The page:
Natural sites including rain forests in Madagascar and volcanoes and volcanic caves in South Korea have been added to UNESCO's World Heritage List of protected sites, the heritage committee announced on Wednesday.
South China's Karst region of stone forests also was inscribed on the world conservation list -- the three areas joining some 830 other natural, cultural and landmark sites round the globe at a meeting of the UN world heritage body in the southern New Zealand city of Christchurch.
The committee said the rain forests of the Atsinanana, six national parks distributed on the eastern part of Madagascar, are "critically important" for the survival of the island's unique biodiversity -- evolved in isolation over 60 million years and including many rare species.
It noted that 78 of the 123 non-flying mammals in Madagascar occur in the forests, including 72 that are on the International Conservation Union's Red List of Threatened Species.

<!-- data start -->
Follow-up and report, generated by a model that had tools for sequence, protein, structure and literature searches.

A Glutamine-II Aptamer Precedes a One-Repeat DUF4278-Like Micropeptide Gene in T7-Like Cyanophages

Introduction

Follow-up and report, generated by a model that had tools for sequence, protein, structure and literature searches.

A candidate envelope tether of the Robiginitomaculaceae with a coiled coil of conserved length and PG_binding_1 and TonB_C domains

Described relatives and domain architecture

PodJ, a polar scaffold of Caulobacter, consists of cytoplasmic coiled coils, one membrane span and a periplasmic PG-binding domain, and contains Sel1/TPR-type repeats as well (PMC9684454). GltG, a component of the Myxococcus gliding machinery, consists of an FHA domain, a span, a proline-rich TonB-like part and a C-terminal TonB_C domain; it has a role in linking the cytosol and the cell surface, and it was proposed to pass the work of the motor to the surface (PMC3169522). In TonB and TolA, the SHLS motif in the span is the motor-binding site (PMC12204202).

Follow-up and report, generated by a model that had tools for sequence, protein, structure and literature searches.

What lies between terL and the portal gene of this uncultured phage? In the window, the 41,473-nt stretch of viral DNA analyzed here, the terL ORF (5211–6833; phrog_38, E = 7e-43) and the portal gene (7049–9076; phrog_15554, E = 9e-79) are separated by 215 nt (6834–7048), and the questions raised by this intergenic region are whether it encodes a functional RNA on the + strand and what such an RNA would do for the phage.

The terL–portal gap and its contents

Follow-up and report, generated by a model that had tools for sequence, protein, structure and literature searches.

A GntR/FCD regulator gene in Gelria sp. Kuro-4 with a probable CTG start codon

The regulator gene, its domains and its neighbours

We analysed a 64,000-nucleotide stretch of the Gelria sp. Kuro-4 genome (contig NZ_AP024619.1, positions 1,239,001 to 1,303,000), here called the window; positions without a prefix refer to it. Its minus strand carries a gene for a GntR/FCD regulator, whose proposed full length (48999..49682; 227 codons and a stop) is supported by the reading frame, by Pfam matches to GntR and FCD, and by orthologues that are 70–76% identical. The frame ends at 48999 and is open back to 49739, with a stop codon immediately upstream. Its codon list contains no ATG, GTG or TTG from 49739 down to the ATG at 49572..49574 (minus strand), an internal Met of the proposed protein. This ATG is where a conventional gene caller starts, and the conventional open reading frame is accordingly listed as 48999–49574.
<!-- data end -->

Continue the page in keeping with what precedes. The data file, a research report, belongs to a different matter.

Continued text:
South China's Karst region covering 500,000 square kilometres in Yunnan, Guizhou and Guangxi Provinces "represents one of the world's most spectacular examples of humid tropical to subtropical karst landscapes," the committee said.
The area includes the Naigu stone forest, the Suyishan stone forest arising from a lake, and the stone forests of Shilin.
"The cone and tower karsts of Libo ... Form a distinctive and beautiful landscape. Wulong Karst has been inscribed for its giant dolines, natural bridges and caves," said the committee, part of the United Nations Educational, Scientific and Cultural Organisation.